The central golden triple-arch around Our Lady includes a panorama of Jasna Góra recently painted by an artist from Torun, Poland.

With this particular image of Our Lady, the parish has a connection to the National Shrine of Our Lady of Czestochowa in Doylestown, Pennsylvania. It was donated to the parish by the first Polish Pauline priest to come to America, the late Father Michael Zembrzuski, who was founder of the “American Czestochowa” in Doylestown.

Four copies came out of Poland — two went missing, one went to Doylestown, and the other came here. In a special touch, the new crowns on Our Lady and Jesus were made in Poland.

 

Divine Mercy Connection

Balancing the painting of John Paul II on the right side of the sanctuary is a similar one of St. Faustina  on the left side of the sanctuary. Below her painting is, naturally, a first-class relic of St. Faustina.

How can  pilgrims and visitors not take the time and opportunity to pray the Divine Mercy Chaplet at this holy site?

So devoted are the parishioners that they like to pray the chaplet in front of the church, asking for mercy on the people of their city.

Every Sunday becomes a pilgrimage day at Our Lady of Bright Mountain. Beginning at 3pm, the hour of Divine Mercy, pilgrims and parishioners can attend Mass, which is followed by the Divine Mercy Chaplet, veneration of the first-class relic of St. John Paul II, adoration and confession, all ending with Benediction. The Mass is celebrated with a rotating schedule of alternating languages in regular order — Polish, English, Spanish and Korean.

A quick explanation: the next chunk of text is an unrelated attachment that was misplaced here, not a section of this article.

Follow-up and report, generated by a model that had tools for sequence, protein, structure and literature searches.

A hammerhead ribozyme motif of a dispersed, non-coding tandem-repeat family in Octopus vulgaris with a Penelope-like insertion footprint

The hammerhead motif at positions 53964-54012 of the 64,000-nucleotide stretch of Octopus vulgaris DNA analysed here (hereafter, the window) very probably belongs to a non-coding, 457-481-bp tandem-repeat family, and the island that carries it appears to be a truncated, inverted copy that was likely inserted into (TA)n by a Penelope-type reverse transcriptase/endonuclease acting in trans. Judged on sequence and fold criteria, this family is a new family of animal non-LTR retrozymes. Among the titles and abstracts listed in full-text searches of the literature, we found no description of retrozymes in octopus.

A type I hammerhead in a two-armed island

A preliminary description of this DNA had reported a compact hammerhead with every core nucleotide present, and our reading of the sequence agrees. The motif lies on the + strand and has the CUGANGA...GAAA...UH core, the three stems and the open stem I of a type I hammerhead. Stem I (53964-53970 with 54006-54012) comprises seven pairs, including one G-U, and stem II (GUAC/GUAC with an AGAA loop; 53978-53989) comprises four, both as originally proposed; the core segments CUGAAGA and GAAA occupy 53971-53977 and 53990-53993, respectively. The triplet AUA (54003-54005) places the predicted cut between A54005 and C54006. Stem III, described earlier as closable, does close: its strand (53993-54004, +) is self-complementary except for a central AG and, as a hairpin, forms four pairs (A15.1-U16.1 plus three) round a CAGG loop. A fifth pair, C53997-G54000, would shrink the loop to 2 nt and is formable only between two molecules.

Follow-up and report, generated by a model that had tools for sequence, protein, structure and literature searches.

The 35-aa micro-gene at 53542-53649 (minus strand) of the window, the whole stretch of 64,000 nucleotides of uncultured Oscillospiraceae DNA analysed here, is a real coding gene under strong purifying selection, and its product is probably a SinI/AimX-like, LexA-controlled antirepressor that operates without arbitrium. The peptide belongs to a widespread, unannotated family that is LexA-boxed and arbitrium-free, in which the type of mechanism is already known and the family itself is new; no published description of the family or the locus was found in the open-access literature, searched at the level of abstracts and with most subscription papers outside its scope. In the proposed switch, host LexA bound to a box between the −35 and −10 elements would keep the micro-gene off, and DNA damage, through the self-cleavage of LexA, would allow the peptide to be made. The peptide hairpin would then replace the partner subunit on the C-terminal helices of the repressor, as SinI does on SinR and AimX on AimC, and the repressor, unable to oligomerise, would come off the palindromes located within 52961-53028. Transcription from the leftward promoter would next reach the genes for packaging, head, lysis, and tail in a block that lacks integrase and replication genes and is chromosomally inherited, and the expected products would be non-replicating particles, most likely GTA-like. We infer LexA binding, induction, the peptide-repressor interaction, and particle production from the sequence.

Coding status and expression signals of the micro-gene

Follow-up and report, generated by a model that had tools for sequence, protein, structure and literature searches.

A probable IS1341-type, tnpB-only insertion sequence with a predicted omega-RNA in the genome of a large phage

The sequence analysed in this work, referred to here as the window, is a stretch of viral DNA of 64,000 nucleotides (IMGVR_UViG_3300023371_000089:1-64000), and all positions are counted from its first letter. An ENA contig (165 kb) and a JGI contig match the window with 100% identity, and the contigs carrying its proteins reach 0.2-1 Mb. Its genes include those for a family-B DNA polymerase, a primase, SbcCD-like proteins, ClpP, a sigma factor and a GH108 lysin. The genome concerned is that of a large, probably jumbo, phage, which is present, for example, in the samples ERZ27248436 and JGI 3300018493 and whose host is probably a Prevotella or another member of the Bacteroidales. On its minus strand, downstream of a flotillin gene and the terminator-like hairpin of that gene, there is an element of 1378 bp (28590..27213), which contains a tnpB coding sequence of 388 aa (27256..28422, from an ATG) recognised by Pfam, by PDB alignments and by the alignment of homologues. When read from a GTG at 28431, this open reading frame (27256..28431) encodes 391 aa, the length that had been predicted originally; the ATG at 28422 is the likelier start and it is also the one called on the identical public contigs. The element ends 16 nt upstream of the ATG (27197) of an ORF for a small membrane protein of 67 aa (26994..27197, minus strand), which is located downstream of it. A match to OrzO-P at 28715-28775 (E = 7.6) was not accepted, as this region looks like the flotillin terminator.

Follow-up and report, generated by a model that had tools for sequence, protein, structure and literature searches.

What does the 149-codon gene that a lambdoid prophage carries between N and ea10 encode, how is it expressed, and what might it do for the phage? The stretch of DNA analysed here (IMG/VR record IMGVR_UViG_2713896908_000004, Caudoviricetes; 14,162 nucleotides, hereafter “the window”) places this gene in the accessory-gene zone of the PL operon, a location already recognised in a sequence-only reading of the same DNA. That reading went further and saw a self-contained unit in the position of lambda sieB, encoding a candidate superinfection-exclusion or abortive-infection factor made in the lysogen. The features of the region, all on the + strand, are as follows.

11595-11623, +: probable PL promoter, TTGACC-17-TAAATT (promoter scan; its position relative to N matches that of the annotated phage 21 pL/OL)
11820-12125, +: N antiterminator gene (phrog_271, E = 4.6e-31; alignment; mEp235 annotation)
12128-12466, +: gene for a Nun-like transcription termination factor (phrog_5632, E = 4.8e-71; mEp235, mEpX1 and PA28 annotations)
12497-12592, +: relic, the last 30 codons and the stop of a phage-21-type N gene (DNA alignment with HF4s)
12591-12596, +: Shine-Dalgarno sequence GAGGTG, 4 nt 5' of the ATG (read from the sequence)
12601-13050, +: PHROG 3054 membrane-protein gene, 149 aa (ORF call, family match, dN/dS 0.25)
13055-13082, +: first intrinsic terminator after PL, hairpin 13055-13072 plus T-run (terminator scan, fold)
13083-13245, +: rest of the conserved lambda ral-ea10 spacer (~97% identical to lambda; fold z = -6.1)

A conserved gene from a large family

The faithful are reminded that many men and women became saints by practicing various works of mercy, as they view and venerate the church’s other first-class relics. One directly connected to Divine Mercy is of Blessed Michael Sopoko, St. Faustina’s confessor and spiritual director, who was close to the revelations and then also spread the devotion himself.

More first-class relics are reminders to pray for the intercession of other Polish saints — Blessed Jerzy Popieluszko, the priest-martyr connected with the Solidarity movement; St. Zygmunt Szczesny Felinski, archbishop of Warsaw and founder of the Congregation of Franciscan Sisters of the Family of Mary, who was exiled by Russians in the 19th century to Siberia for 20 years; and Blessed Sancja Szymkowiak, a nun who died in 1942.

Konarski said that three parishioners in Our Lady of Bright Mountain are blood relatives of Blessed Sancja.

The church’s beautiful new stained-glass windows also depict major heavenly helpers. St. Joseph leads the way. Among the others are several universal favorites, Sts. Thérèse of Lisieux and Anthony of Padua, plus several Polish saints, including Hedwiga and Stanislaus Kostka.

The carved statue of the Sacred Heart in the left sanctuary is right in front of where Cardinal Wojtyla prayed in that first pew. A striking statue of St. Michael the Archangel, much like his image at his shrine at Monte Sant’Angelo in Gargano, Italy, from where this statue hails, also graces this church and shrine because of the great devotion to this archangel at Our Lady of Bright Mountain.

There is also a stone cut from Mount Tabor, the place of the Transfiguration.

Konarski said that the parish, as the official diocesan shrine to St. John Paul II, is looking to invite more pilgrims to come for a retreat, watch a movie on John Paul II and generally experience the shrine, whose atmosphere is so peaceful and highly reverent.

As the church and shrine proclaim, “Walk where St. John Paul II walked. Pray where he prayed.”

Joseph Pronechen is a

Register staff writer.

 

INFORMATION
Learn more at PolskaParafiala.org/en/.
See video on John Paul II’s visit:
YouTube.com/watch?v=hjfu_LdLThg.